IDLES performing at Wide Awake 2021. Credit: Press.As a brand new festival, Wide Awake also has the freedom to dictate how it operates and positive changes are very much the order of business. From eco-toilets and a ban on single-use plastics to working with local traders to provide ethically sourced food, Miller wants to create events that don’t harm the planet. Their pledges are listed publicly via their “Positive Policy” and will evolve as technology and awareness develops. “I’m watching my kids play football right now and if the planet is absolutely fucked in 30 years and I’ve been putting on events that have contributed to that – well, it’s not very cool, is it?” asks Miller. “We’ve all got a responsibility to pull our finger out.”“We’re at this point in history where we need to be doing everything,” explains Smith. “But individuals can only do so much. The more that large scale events do and the more pressure we put on governments, the less damage we’re going to cause and the more catastrophes we can prevent.”He continues: “A lot of people will say the answer is to just not put on festivals but that’s not how it works, is it? We want to live our lives because we’re constantly told that they’re so fucked. We want to make the most of the short time we have here, so to be able to combine fun and hedonism in the most progressive and substantial way possible is only a good thing. Wide Awake are leading by example, and that’s all anyone should be doing in 2022.”

“People’s love of music transcends genre. We have no desire to stick to the stylistic bracket. Change is welcome” – Yard Act’s James Smith

The team behind Wide Awake also want to make it as inclusive an event as possible. Tickets start at £25 to encourage younger people to attend. “We know kids from London are struggling with extortionate rent and stuff like that”, Miller says, adding that he wants to “give back to the local community” with charity initiatives. Last year, the company donated over £20,000 to the Summer Events Community Fund, a program that benefits residents around Brockwell Park. Wide Awake has also made every effort it can to make sure the line-up is fair and balanced in terms of gender. “It’s just the right thing to do,” says Miller. “Hearing nothing but all all-male bands is a pretty boring way to spend a day.”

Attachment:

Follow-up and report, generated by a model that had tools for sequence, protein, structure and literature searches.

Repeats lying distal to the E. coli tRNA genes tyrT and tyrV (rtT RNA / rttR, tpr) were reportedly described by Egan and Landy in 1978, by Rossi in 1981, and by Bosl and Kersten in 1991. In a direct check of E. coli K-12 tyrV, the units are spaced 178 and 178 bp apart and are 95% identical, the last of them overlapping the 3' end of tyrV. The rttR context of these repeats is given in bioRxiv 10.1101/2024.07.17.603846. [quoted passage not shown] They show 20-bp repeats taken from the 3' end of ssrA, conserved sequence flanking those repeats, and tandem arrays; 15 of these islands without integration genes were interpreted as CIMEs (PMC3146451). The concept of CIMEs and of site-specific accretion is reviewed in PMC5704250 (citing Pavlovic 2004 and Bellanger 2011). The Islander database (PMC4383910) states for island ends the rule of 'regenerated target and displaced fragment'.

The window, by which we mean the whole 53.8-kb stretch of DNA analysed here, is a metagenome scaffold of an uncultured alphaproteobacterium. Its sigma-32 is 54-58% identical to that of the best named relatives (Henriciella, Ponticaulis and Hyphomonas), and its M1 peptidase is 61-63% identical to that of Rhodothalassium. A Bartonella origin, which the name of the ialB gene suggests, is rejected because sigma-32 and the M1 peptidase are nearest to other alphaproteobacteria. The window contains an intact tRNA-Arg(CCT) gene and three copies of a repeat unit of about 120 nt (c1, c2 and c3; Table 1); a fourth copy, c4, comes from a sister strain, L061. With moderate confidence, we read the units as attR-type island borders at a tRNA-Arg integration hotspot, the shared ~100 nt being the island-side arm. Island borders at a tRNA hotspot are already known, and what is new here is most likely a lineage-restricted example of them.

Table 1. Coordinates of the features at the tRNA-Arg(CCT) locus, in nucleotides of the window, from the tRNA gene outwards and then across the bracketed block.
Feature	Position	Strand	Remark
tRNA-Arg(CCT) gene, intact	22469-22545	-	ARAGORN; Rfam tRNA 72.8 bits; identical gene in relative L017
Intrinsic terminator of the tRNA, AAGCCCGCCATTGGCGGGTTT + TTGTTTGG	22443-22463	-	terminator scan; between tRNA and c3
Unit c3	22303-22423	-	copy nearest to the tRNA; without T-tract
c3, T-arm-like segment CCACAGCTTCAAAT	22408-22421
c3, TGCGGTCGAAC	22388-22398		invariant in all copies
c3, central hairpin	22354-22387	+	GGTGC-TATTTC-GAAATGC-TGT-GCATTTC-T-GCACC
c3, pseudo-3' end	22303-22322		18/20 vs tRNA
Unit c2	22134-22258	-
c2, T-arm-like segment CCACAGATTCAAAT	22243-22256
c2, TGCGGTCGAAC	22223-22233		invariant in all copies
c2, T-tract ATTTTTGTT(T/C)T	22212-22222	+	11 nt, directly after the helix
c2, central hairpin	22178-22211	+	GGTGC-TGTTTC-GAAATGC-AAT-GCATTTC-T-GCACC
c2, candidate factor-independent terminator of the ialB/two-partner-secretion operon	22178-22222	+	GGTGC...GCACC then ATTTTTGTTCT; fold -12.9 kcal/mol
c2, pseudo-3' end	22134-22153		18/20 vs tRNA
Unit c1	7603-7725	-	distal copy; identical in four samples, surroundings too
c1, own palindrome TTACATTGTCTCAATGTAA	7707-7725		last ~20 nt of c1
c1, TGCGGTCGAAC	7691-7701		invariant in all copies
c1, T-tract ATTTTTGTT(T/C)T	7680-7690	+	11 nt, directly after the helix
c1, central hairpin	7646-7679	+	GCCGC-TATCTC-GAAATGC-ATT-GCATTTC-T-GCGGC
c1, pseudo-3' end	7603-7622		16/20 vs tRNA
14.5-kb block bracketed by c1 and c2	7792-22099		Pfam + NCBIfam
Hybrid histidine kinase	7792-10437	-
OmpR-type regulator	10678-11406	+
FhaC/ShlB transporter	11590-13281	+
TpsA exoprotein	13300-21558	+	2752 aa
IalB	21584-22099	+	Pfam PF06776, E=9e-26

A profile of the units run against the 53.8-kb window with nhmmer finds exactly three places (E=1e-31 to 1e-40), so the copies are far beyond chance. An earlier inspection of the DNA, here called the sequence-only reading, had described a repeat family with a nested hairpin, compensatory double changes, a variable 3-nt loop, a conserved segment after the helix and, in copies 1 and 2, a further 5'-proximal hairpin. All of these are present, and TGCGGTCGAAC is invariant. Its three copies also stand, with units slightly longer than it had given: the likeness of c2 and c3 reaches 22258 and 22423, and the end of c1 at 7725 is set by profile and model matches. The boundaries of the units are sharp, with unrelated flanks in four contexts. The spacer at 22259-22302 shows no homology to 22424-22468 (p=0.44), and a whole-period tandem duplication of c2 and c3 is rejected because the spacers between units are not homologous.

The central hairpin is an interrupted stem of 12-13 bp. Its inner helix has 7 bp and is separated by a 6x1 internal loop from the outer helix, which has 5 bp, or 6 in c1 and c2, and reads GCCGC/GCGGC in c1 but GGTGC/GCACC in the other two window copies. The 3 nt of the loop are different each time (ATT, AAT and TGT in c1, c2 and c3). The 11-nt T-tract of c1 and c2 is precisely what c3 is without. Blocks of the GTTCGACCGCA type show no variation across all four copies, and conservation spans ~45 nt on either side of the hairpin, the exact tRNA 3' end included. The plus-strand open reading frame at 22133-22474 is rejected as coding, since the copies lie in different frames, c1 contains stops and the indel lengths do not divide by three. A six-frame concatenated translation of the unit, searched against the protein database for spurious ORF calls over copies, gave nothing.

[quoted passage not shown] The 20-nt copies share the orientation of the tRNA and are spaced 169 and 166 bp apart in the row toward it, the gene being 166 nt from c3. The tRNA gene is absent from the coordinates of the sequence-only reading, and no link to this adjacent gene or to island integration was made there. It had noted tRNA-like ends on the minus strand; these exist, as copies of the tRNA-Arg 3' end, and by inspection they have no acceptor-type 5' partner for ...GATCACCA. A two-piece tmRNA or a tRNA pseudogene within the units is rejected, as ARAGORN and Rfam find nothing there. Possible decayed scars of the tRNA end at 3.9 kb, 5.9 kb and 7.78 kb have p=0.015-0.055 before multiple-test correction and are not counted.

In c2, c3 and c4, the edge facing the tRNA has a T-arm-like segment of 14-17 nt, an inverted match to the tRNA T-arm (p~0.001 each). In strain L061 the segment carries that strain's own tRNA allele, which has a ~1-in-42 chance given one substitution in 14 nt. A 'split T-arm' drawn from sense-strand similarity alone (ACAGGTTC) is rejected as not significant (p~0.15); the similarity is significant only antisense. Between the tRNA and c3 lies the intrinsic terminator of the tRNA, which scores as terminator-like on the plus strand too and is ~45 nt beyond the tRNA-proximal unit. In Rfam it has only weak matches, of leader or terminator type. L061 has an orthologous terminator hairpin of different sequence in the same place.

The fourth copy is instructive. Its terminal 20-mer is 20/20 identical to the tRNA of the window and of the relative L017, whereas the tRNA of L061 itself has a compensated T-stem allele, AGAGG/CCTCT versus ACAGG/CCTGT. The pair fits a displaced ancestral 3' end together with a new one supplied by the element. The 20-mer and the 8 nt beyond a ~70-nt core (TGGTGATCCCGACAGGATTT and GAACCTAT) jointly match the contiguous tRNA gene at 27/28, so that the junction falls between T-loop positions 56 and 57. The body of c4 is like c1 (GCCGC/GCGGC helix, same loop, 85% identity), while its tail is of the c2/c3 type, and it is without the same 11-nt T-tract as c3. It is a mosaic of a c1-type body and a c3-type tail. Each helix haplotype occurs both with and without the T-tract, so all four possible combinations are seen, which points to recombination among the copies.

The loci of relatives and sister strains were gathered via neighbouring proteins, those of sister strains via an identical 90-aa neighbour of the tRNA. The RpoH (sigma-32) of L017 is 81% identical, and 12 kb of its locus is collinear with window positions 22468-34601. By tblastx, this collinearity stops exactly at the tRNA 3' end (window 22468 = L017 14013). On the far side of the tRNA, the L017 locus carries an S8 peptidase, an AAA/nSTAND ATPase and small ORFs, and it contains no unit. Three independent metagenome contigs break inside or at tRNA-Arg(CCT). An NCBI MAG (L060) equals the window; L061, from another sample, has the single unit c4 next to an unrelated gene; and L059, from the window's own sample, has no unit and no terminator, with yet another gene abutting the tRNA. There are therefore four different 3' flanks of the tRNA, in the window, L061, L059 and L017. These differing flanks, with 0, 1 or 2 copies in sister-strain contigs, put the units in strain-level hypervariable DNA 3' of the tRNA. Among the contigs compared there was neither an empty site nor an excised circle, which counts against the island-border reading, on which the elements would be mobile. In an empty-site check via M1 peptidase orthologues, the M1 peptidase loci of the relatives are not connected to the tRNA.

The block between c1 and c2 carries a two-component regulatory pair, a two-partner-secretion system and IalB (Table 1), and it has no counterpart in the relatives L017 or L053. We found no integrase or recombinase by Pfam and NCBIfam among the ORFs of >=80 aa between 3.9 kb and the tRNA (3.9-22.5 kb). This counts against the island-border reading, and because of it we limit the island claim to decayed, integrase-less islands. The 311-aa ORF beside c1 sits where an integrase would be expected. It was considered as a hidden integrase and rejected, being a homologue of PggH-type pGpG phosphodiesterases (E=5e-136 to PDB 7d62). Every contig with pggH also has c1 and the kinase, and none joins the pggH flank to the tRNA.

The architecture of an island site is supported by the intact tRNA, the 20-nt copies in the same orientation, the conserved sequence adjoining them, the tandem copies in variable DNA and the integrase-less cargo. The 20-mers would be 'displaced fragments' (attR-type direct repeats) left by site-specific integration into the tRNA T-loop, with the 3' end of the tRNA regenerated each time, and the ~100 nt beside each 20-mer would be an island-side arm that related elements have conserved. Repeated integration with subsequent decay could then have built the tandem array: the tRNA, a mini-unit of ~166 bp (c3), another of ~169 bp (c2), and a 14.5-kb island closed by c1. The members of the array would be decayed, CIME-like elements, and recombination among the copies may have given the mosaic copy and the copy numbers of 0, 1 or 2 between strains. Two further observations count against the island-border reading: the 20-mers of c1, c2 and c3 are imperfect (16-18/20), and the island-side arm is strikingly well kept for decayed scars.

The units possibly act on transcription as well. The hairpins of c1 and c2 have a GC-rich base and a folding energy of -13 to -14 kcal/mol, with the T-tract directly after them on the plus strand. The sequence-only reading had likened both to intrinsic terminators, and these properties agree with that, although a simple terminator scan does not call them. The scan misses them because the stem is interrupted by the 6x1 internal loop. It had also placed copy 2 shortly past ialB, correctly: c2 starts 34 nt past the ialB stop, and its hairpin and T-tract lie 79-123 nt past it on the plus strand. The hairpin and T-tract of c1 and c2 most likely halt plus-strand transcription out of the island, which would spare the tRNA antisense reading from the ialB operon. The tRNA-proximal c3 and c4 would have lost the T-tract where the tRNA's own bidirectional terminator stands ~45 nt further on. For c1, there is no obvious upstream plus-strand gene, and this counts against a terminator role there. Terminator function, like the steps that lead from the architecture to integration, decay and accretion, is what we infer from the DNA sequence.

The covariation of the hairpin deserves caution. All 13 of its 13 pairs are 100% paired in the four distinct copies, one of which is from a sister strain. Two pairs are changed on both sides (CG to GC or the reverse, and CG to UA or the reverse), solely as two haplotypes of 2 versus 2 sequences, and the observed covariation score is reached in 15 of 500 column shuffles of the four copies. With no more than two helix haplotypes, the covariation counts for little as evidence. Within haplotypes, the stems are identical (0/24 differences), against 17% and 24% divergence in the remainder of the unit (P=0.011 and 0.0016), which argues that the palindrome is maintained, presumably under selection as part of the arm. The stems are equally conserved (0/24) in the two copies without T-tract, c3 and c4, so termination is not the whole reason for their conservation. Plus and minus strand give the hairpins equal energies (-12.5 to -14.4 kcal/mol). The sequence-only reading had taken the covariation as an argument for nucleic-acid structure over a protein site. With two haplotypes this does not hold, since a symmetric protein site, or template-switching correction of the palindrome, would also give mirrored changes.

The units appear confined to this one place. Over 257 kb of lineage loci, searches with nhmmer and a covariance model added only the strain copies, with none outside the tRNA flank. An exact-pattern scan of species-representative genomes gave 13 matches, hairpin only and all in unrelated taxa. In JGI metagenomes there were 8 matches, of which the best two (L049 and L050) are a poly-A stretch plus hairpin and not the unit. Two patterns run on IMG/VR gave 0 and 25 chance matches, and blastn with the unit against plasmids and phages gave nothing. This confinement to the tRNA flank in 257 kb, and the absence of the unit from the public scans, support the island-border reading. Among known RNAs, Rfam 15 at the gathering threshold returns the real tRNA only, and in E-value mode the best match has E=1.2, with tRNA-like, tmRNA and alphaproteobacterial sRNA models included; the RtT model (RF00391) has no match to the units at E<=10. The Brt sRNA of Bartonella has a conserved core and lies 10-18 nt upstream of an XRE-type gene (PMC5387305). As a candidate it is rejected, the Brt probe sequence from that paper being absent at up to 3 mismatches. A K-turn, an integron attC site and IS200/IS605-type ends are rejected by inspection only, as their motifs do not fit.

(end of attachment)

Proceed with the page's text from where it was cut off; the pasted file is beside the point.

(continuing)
“That’s so important,” says Taylor. “Growing up I didn’t see many females onstage and it makes such a difference to be represented up there, to see that we’re given the same chances and are taken as seriously as everyone else.”

“It’s really great to see more women on line-ups but also in behind-the-scenes roles as well (the nine-person team behind Wide Awake is made up of three men and six women),” says Harris. “So often on tour, I’ll be the only woman in the venue until the doors open. It’s quite a vulnerable thing to get on stage and perform music so having more women involved in that process makes it feel less like you’re this weird exception to this male-dominated space.”

Why do so few festivals have a balanced line-up, then? “From the grass-roots level up, there’s just not enough gateways in for female acts,” explains Miller. “That’s promoters at my level maybe not giving enough time and space to female acts, record labels paying women less, large festivals paying male acts more. It’s a whole structural issue.” Miller started began managing psych instrumentalists Los Bitchos three years ago, which “really opened my eyes to how tough things are for a lot of these acts. Since then, I’ve been trying to make positive changes.”

Wide Awake
Porridge Radio performing at Wide Awake 2021. Credit: Press.

He’s already started booking acts for 2023, with everyone involved in the festival wanting it to have a long future: “I want the smaller bands we’re booking now to come back and headline Wide Awake in a few years. We worked so hard to set Wide Awake up and have taken so many risks along the way, for it to not get to year five would be pretty sad.”

And what might Miller’s wishlist be for those future festivals? He’s a big fan of psychedelic rockers King Gizzard & The Wizard Lizard and their ability to reinvent themselves and would love to do something in the alt-pop vein, perhaps with Caroline Polachek or Ashnikko. “In terms of trying to get massive acts, we probably wouldn’t have the budget for Arcade Fire,” he adds, “but that’s not what the festival is about, really.”

Written by Ali Shutler

Originally featured by NME